Re-reading Jane Austen

Sunday Blog 140 – 16th June 2024

I’m guessing the very first time I read Pride and Prejudice (P&P) I was 16, when the excellent 1981 TV series first aired. I remember the copy we had in our family library. Our shelves were stuffed with classic fiction, poetry, and history. How I loved the small, navy-blue hardback copy of P&P, with its imprint of “Oxford’s World Classics” debossed on the front cover. The rice-paper thin pages and antiquated versions of some words, like shewn instead of shown, for example. How people would dress a sallad and cucumber. I raced through every book Jane Austen ever wrote, and the ones she didn’t quite get to finish.

P&P’s particular perfection soothed me, and over time I considered that navy hardback edition mine and I took it with me when I moved to Europe, aged 25. Perhaps I kept re-reading it to see how I’d changed, while the book’s perfection remained the same.

In the picture I’m 27 years old, re-reading it in the shade of a tree in the garden of Versailles. I was living in London, so that was one decade’s worth of re-reading already. But there was more to come. After a four-week teacher training course, I moved from London to Greece in 1996 to take up a position in a school. I took P&P with me, the only book I saved from my library. I knew I’d need all the comfort perfect prose could provide.

Teaching was every bit as hard as I thought it would be, and the isolation of having to schlep to the phone box to talk to anyone super-charged my isolation. One particularly trying day, I took my sacred copy of P&P with me to the phone box. (Why? Why?) Somehow, in the fug of homesickness and the miasma of unfinished conversations, I left the book at the phone box. Just three blocks later I realised, rushed back breathless – it was gone. I trudged home to my apartment. Sometimes the universe can’t resist giving you a thorough drubbing.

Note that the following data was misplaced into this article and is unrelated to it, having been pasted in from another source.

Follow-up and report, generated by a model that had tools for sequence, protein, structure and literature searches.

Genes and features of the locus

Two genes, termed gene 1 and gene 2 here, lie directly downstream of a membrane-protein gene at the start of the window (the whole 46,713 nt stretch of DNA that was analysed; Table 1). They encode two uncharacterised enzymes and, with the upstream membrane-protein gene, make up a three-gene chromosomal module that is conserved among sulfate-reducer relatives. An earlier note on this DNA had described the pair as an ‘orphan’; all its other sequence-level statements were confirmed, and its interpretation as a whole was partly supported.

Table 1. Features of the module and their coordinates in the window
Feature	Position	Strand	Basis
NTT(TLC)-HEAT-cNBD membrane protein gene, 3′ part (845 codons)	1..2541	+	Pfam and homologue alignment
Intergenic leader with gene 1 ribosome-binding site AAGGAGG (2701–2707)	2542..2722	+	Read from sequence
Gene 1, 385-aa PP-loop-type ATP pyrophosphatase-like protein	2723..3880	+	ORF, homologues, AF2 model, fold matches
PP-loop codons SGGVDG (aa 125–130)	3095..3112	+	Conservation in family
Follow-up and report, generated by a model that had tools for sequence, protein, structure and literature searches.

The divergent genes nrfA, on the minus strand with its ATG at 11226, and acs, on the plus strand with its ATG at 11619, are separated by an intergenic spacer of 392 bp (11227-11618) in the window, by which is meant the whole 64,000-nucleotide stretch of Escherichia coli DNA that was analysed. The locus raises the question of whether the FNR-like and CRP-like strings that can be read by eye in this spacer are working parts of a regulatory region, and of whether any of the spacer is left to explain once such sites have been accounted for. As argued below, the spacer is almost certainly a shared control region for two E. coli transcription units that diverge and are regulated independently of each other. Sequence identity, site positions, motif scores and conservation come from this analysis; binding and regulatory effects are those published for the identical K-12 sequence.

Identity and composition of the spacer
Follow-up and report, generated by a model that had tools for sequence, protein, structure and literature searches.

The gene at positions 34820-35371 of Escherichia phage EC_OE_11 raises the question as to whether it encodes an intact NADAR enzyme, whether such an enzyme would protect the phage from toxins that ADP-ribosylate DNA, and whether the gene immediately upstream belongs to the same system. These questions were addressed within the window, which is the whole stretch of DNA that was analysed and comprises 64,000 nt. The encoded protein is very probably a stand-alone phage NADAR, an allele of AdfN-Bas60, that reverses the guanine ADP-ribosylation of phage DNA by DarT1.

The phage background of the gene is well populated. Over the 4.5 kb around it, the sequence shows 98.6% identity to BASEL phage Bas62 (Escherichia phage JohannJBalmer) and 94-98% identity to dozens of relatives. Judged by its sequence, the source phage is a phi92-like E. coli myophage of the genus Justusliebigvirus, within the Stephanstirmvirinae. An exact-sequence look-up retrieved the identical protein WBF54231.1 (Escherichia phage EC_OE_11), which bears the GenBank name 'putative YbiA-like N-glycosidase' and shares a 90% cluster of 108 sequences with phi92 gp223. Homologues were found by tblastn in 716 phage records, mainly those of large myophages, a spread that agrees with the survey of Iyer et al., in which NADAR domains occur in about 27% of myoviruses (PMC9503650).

But leaving a well-loved 1950s edition of P&P in a phone box in Thessaloniki in 1997 really was small beer. The giant body blow of surviving a home invasion in 2002 got me thinking about Jane Austen again. I was tussling with how difficult it was to stay in the house afterwards. I wanted to stay but my body was in post-traumatic revolt. In my memoir about the incident (which I’m currently revising), I wrote:

“I thought of Jane Austen’s Anne in Persuasion, who comments ‘one does not love a place less for having suffered there.’ I realised now that only applied to emotional suffering. The kind of visceral, physical ordeal I underwent was precisely what Georgian and Victorian women of the upper classes were assiduously protected from. Perhaps this experience would finally cure me of my habit of re-reading Jane Austen novels. Perhaps that wasn’t altogether a bad thing.”

Apart from being awoken out of my Regency Classics world by reality, another reason I’ve stopped re-reading Jane Austen is that there are just too many new books to read.

Like Zadie Smith’s The Fraud. If you haven’t read it, I would recommend. It’s a complex novel which depicts the enormous suffering of the Caribbean plantation slaves through its complex and even funny plot.

As I listened to a wide-ranging interview with Zadie Smith about the book, discussing her writing and teaching life, my hair nearly stood up on end as she said,

“So if I were teaching, for example, Pride and Prejudice, nothing could be more natural or normal to me to hold multiple ideas simultaneously. I adore that book. I can teach it at a level of rhetoric, a level of character, as a history of the middle classes in England. I know exactly where Darcy’s money comes from: It comes from the Caribbean.”

Interview with Zadie Smith on NPR –

I’m not ruling out ever re-reading P&P again. I now have a green hardback copy on my own shelves, just in case. It jostles with hundreds of more recent books and looks out of place in its antiquity.

When and if I do read P&P, I will always understand the social and economic context of the delightful grounds of Mr Darcy’s home, Pemberley. And that’s not altogether a bad thing. In fact, it’s a vitally important thing.

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